Front Page Titles (by Subject) COMMISSION GIVEN TO NICCOLO MACHIAVELLI TO PROCEED TO MANTUA AND ITS VICINITY, - The Historical, Political, and Diplomatic Writings, vol. 4 (Diplomatic Missions 1506-1527)
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COMMISSION GIVEN TO NICCOLO MACHIAVELLI TO PROCEED TO MANTUA AND ITS VICINITY, - Niccolo Machiavelli, The Historical, Political, and Diplomatic Writings, vol. 4 (Diplomatic Missions 1506-1527) 
The Historical, Political, and Diplomatic Writings of Niccolo Machiavelli, tr. from the Italian, by Christian E. Detmold (Boston, J. R. Osgood and company, 1882). Vol. 4.
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Resolved upon on the10th November, 1509.
You will proceed to Mantua, accompanied by two or three mounted men, bearing the sum of money due on the payment we have to make in that city to the Emperor, or his legitimate representative, for the second term or second payment of the amount which we have engaged ourselves to pay according to the treaty lately made with his Majesty. It is important that all of you, or at least yourself, should travel so as to arrive there on the 14th, or at latest the 15th, of the present month. To enable you to transact this business the more easily, you will be the bearer of a letter of credence to the most illustrious Marchioness, to whom you will relate all that may have happened to you, after having first thanked her in the most grateful manner for all the good offices and kindness which she has shown to our ambassadors, enlarging upon this as fully as you may think suitable.
Some one will by that time have arrived in Mantua, who is duly empowered to receive the payment in question; and for your fuller information as to the course you will have to pursue, you must know that out of the whole amount one thousand ducats will have to be paid to Lante Bonifazio da Sarego, a gentleman from Verona, as provided by the terms of the treaty. All the rest is to be paid to the person sent by the Emperor to receive it. But as the matter is very generally known, it will be necessary for you to use every care and precaution to know and legitimize the person to whom you have to pay the money. You will have no great difficulty upon this point with regard to Bonifazio; but whoever comes on behalf of his Majesty the Emperor must be provided with proper and sufficient credentials. The individual who came to receive the first payment was thus provided with a royal commission authorizing the payment to be made to him; and the same ought to be the case on the present occasion. We desire you to take an acquittance from the individual himself to whom the money is paid, which must be properly attested; and moreover, we want you to have both payments formally acknowledged as public acts, as was done with regard to the first payment. Giovanni Borromei, at whose house you will probably alight, will be able to procure for you the services of the same notary. After having made the payments, you will send back to us the acquittances and other documents by the same mounted men that accompanied you to Mantua, reporting to us at the same time all that you may be able to learn respecting the Emperor’s affairs, and especially everything relating to his Italian enterprise. After that you will proceed to Verona, or to wherever it may seem most convenient to you to obtain more precise information on the subject, and to communicate the same to us; and you must not leave that region until you receive orders from us, for, being once there on account of the payments, your presence will be less noted than if we were to send some one else there. During your stay in the different places, and which it would be well to change from day to day, as occasion may require, you will write to us carefully and regularly all that may occur worthy of notice; but so as to avoid all danger that might result therefrom, you will send your letters by the regular courier. We would also recommend to you and the aforementioned mounted men, that you move with great care and circumspection, and with as little display as possible.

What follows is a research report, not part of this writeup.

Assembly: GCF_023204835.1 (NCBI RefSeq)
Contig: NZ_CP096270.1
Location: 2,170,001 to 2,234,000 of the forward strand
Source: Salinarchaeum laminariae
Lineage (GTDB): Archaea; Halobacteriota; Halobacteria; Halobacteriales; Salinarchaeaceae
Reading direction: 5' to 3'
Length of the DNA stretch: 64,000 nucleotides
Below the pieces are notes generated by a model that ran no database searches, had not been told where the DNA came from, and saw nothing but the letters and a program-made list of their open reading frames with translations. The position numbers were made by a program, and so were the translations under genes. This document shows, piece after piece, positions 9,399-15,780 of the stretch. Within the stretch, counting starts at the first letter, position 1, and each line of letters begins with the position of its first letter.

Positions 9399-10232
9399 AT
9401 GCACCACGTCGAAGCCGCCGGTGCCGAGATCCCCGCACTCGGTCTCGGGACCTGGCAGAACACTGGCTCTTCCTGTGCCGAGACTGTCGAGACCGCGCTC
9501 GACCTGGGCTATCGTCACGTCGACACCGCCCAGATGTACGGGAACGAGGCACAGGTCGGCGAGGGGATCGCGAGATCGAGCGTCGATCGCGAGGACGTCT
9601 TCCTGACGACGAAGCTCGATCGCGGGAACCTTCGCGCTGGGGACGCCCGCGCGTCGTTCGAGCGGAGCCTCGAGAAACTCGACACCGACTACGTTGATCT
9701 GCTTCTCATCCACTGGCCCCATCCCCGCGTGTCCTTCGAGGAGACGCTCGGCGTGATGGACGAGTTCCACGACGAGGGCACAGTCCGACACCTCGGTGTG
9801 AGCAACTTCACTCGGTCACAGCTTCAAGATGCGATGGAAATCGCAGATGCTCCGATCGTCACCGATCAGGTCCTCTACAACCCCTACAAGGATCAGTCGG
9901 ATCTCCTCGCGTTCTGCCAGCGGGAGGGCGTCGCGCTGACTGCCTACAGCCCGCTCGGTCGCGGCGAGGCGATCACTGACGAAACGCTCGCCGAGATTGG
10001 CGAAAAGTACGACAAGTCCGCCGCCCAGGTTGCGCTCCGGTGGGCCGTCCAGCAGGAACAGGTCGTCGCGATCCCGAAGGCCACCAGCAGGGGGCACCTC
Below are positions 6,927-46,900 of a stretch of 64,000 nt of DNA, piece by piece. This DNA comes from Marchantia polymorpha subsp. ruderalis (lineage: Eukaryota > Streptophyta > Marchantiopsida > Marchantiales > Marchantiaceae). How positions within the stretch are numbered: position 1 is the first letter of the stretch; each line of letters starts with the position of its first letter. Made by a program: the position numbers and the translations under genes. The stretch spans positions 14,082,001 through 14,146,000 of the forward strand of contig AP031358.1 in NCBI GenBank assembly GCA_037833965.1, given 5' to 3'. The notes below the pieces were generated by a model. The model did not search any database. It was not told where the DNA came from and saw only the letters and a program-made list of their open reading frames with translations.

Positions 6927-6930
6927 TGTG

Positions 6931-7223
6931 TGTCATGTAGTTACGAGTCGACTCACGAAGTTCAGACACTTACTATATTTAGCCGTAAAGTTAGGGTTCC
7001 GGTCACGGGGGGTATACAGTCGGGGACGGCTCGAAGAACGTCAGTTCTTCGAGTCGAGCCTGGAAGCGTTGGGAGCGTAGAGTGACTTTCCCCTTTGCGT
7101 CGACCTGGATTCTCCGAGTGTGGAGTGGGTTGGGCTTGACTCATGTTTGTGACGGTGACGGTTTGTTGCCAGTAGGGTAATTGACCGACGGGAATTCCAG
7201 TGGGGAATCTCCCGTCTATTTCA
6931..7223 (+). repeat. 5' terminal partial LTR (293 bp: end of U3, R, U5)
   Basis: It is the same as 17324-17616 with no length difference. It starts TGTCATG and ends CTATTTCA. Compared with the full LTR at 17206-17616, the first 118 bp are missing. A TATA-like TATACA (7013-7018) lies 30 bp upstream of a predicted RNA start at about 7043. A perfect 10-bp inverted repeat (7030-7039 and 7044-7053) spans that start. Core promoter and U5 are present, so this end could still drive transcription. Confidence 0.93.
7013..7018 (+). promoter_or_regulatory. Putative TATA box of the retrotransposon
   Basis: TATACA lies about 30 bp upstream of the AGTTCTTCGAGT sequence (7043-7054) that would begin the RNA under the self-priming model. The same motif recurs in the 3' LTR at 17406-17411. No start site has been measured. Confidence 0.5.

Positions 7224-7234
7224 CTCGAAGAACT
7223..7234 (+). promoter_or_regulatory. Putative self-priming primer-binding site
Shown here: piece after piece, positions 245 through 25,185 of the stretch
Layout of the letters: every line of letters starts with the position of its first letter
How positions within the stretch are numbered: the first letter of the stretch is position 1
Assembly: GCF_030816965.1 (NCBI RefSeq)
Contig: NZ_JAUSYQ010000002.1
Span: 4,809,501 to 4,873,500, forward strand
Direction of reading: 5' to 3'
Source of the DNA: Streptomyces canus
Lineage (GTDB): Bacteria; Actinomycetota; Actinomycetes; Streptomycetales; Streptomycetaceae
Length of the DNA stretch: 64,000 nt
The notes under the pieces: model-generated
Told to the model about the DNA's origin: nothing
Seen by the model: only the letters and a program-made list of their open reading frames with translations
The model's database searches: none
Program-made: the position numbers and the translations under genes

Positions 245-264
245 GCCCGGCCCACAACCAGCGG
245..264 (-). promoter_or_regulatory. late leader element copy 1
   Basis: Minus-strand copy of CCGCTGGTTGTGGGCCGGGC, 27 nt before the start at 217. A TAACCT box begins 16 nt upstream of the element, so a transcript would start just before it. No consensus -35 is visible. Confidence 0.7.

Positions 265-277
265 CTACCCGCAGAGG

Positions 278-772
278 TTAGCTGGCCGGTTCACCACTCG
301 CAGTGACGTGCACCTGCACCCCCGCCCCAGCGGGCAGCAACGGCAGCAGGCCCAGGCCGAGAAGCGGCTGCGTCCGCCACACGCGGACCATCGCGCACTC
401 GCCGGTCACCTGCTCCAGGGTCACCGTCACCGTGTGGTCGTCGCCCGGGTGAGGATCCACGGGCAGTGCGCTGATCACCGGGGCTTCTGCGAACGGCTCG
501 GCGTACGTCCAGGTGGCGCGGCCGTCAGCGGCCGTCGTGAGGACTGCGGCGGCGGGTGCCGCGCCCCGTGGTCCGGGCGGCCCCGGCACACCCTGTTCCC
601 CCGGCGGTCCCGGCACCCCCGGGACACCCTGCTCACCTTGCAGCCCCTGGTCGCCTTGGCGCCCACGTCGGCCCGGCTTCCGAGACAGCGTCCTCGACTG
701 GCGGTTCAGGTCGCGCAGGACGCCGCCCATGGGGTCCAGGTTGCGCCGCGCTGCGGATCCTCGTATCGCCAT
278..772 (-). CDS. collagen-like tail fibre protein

You will also be the bearer of a letter of credence to the Right Reverend Monsignore di Gursa in connection with those payments, or any other matter where you may need him. You may present that letter to him either before or after the payments are made, according as you may find necessary. And finally you will take with you a copy of the above-mentioned royal commission, so that you may know the form in which the present one will have to be drawn up and signed.
The person to whom the first payment was made was one of his Majesty’s secretaries by the name of Wolfgang Hemerle, a man of small stature, thirty to thirty-two years old, somewhat stout, with red beard and hair slightly curled. The notary who drew up the documents respecting the first payment was Ser Gabriello, son of Ser Bartolommeo d’ Albo of Mantua; he could draw up the present papers the same as the first, of which we furnish you a copy. The only alteration necessary will be to state that this is for the second payment.